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Threat advisory: Elevated - Significant risk of entertaining activities

Movie propaganda

There are degrees of truth.

When a military training exercise in Panama goes severely awry, maverick DEA Agent Hardy (John Travolta) and a tough female JAG officer (Connie Nielson) must probe the disappearance of highly decorated Drill Instructor West (Samuel L Jackson) and several of his cadets, discovering that nothing is what it seems and that everyone has their own version of what exactly happened out in the jungle.

Persons of interest

  • John Travolta .... Tom Hardy
  • Connie Nielsen .... Captain Julia Osborne
  • Samuel L Jackson .... Sergeant Nathan West
  • Timothy Daly .... Colonel Bill Styles
  • Giovanni Ribisi .... Levi Kendall
  • Brian Van Holt .... Pike
  • Taye Diggs .... Raymond Dunbar
  • Dash Mihok .... Mueller
  • Cristián de la Fuente .... Castro
  • Harry Connick Junior .... Doctor Pete Vilmer
  • Roselyn Sanchez .... Nuñez
  • Cathy Rabin .... Screenwriter
  • James Vanderbilt .... Screenwriter
  • John McTiernan .... Director

Cinematic intelligence sources

Intelligence analyst

Special Agent Matti

Theatrical report

The paraquel to The General's daughter. Yes, that's right, Basic is neither a prequel (preceding) nor a sequel (following) but a paraquel (existing in parallel). It would be a prequel, and that is how it was originally conceived, but for some reason the powers that be decided not to use the pre-existent characters. Maybe they couldn't make John Travolta's old character fit the new story. Maybe someone wouldn't sell them the rights. Maybe their integrity wouldn't allow them to use someone else's creative effort to make a sequel.

Ha, ha, ha, ha, ha, ha, ha, ha, ha, ha, ha, ha, ha, ha, ha.

Theatrical report

Well, yes, I was right. Basic is indeed a bunch of soldiers telling lies about dirty deeds done in the deepest darkest jungle. There is twist after twist as the various characters tell their stories, with little reference to that vague concept known as the truth. This makes the investigating officers seem very silly as they accept what they're told without any recourse to scepticism. The first rule of any investigation is that you can't trust anything until it's been corroborated and even then you can never be too careful. Tom Hardy and Julia Osborne keep making up new theories with every piece of information, no matter how dubious. As I said, it's a bit silly. Even the cops in Law & order don't get sucked in that badly.

Meanwhile, the ending is particularly atrocious: "And it was all a dream" went out of popularity before the first movies were even made [not that that stopped anyone - Director of Intelligence] - having the dead guys and the bad guys turn up and say, "Hey, it was all an undercover mission" is just plain rude. The trouble with this pernicious form of filmmaking is that it insults the intelligence of the audience. We have willingly suspended our disbelief in order to experience your story and just when things get really interesting you tell us that none of is happened and we shouldn't have believed any of it. Well thanks a lot. We just love being told we're idiots especially when we've just paid you for the privilege. That may seem to be an extreme reaction but it is how people really feel under their veneer of civilisation.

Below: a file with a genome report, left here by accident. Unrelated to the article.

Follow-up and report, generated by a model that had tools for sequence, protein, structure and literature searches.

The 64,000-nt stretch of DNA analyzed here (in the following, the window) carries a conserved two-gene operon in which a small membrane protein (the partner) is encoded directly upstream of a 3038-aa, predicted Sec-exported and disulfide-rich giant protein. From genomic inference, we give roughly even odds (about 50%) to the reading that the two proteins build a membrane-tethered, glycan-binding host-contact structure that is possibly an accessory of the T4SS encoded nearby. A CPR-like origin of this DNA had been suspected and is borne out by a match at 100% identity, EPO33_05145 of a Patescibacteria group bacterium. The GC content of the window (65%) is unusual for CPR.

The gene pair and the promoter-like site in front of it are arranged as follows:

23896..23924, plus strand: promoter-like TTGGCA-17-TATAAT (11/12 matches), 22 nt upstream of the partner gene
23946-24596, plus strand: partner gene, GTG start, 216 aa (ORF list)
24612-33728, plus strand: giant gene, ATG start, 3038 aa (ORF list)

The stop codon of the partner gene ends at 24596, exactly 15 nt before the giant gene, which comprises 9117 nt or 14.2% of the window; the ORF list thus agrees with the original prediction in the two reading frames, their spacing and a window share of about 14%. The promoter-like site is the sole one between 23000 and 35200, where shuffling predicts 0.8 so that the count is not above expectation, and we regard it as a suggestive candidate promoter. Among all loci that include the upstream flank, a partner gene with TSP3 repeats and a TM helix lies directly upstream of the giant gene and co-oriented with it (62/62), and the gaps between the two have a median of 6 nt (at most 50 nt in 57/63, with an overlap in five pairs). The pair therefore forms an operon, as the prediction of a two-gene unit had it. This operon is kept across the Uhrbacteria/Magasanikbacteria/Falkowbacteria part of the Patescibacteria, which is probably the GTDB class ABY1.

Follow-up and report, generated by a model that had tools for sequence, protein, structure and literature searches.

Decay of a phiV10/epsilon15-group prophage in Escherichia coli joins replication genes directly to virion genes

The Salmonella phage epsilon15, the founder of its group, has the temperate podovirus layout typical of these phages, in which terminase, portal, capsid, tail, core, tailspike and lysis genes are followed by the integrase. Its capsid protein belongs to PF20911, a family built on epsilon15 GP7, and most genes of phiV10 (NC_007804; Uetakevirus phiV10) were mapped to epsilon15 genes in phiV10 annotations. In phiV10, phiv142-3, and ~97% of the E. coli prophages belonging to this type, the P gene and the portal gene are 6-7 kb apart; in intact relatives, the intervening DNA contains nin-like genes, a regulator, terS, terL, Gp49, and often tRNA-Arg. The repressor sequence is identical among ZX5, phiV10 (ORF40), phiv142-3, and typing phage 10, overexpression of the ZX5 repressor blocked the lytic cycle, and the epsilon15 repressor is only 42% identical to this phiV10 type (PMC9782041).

Even worse is that it's sloppy film-making. If you can't solve all the crimes without looking outside the universe you've created then you have created the wrong universe. You need to throw out your script and start again. You also need to be honest with the audience: the protagonist (Tom Hardy) must not lie to the audience: he is the lens through which we view your world and if you distort that then we have no way to find the truth. We cannot play the game; the die is loaded against us.

Budding film-makers please note: never ever talk down to your audience, you won't win any friends. The writers and directors of Basic may be clever (and they are) but "clever" is only a short step away from "bastard".

In the end, however, if you don't care how the film-makers treat you - if you like being taken for a ride - then you'll like Basic because it is full of twists and turns. Even with the dumb ending.

Security censorship classification

MA 15+ (Violence, Strong coarse language)

Surveillance time

94 minutes (1:34 hours)

Not for public release in Australia before date

Film: 29 May 2003
Disc: 4 August 2010

Cinema surveillance images

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